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The Airlines calculate the rotation speed of every takeoff based off the weight given to them from their operations people and also the density altitude conditions. In General Aviation we don't perform such calculation but usually rely on the Pilot Operating Handbook (POH) recommended rotation speed. However the POH rotation speed is based off of gross weight at sea-level and doesn't take into account high density altitudes. Is there a formula that can predict what the ideal rotation speed will be for a specific density altitude?

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    $\begingroup$ Won't the IAS be pretty much the same though? Higher TAS, longer ground roll, but rotate at the same indicated? $\endgroup$ Jan 18 at 23:03
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    $\begingroup$ @MichaelHall: I agree with you with respect to GA light acrft. For air carrier type aircraft the VR speed can change with density altitude because V1 can change with density altitude due to higher TAS/GS and runway length requirements, obstacle climb requirements, etc. VR can never be less than V1. The actual indicated speed that the airplane would actually be able to get off the ground (VR) won't change but it needs to change in relation to the other runway/ obstacle performance speeds that are based on (faster) TAS/GS. Other factors as well. $\endgroup$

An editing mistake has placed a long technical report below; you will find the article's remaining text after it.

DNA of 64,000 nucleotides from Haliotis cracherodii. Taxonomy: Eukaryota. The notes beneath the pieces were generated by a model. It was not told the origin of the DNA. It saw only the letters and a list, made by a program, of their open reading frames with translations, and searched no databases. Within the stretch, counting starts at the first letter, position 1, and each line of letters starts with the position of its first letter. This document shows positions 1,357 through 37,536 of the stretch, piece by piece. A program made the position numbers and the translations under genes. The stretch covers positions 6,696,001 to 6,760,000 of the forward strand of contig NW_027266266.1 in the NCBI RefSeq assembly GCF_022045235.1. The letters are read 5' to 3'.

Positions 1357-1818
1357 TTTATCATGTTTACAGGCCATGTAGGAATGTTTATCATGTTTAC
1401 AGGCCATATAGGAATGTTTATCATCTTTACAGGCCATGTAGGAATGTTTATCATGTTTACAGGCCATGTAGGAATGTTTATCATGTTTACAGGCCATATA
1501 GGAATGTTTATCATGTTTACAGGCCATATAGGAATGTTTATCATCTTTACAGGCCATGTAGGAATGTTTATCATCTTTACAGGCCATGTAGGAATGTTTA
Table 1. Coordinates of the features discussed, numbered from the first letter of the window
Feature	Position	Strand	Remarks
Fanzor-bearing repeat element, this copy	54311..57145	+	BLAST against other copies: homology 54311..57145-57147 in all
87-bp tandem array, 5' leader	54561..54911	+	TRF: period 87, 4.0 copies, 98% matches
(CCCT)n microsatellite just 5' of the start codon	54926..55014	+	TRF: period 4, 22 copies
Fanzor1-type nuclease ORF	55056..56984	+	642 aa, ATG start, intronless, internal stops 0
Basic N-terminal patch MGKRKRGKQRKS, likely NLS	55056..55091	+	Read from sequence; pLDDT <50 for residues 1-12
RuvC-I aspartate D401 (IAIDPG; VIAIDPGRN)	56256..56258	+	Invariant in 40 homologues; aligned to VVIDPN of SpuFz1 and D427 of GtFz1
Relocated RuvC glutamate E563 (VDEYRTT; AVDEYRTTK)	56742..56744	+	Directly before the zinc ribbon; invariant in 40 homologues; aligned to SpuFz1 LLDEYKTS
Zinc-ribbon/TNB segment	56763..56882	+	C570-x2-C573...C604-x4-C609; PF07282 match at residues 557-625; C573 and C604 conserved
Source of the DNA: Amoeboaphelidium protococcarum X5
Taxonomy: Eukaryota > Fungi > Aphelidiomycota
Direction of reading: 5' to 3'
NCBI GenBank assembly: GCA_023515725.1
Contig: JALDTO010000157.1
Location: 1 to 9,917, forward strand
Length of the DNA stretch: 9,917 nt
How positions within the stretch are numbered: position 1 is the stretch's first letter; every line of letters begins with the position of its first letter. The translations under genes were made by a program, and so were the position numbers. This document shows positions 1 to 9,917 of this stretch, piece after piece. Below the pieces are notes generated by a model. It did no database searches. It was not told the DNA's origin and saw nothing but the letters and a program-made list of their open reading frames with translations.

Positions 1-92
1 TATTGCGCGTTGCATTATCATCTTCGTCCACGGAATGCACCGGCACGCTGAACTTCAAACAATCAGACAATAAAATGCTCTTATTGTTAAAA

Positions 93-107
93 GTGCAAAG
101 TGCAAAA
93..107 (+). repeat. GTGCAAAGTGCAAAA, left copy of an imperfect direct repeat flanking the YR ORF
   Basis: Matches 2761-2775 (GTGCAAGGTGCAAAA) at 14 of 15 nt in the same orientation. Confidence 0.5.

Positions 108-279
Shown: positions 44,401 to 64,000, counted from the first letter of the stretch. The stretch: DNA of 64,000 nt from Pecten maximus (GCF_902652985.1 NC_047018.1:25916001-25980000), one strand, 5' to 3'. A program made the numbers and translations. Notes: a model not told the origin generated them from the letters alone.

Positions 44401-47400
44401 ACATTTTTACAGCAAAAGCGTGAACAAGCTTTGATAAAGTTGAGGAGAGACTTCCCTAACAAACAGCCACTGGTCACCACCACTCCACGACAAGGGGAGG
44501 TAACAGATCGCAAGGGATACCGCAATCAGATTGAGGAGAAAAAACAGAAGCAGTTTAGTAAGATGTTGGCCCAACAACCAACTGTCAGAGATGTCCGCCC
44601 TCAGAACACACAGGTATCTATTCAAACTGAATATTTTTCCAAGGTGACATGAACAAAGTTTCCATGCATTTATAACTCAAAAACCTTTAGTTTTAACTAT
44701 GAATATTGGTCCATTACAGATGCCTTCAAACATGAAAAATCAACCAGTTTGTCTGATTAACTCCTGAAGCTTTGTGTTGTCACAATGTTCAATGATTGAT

– 757toga
    Jan 19 at 4:23
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    $\begingroup$ @MichaelHall Since acceleration goes down with altitude going up, you need to rotate at a slightly higher IAS in order to be at the same IAS when the airplane leaves the ground. The difference is minuscule, though. $\endgroup$ Jan 19 at 11:51

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The given rotation speed is most often indicated air speed[IAS]. IAS is calibrated airspeed [CAS] plus instrument errors. (Outside of the airspeed guage, which as a stand alone item is usually very accurate, errors can be caused by pitot tube and static port mounting locations and large changes in angle of attack.)

CAS is a measure of dynamic pressure not true air speed. Lift is a direct function of dynamic pressure. So the required CAS for a given amount of lift is independent of the air density. If your stall speed is 50kts CAS at sea level then it will be 50kts CAS at 20,000ft.(However true airspeed will be much higher at 20,000ft.)

Airlines use, in combination with extensive performance charts; weight, air density, and temperature for calculating the true speed and thus the required auto brake settings, engine performance settings, V1 V2 Vx and Vy, and by extension determine the required length of the runway, and obstacle clearance.(All of these are determined by mass, thrust, distance, and time rather than lift alone.) Vr CAS/IAS is primarily dependent on lift.(Weight and flap settings.)

A Small aircraft POH does include charts for determining required distance of roll and 50ft obstacle clearance based on air density and maximum gross weight; many will also include selected gross weights below maximum that you can use for interpolating.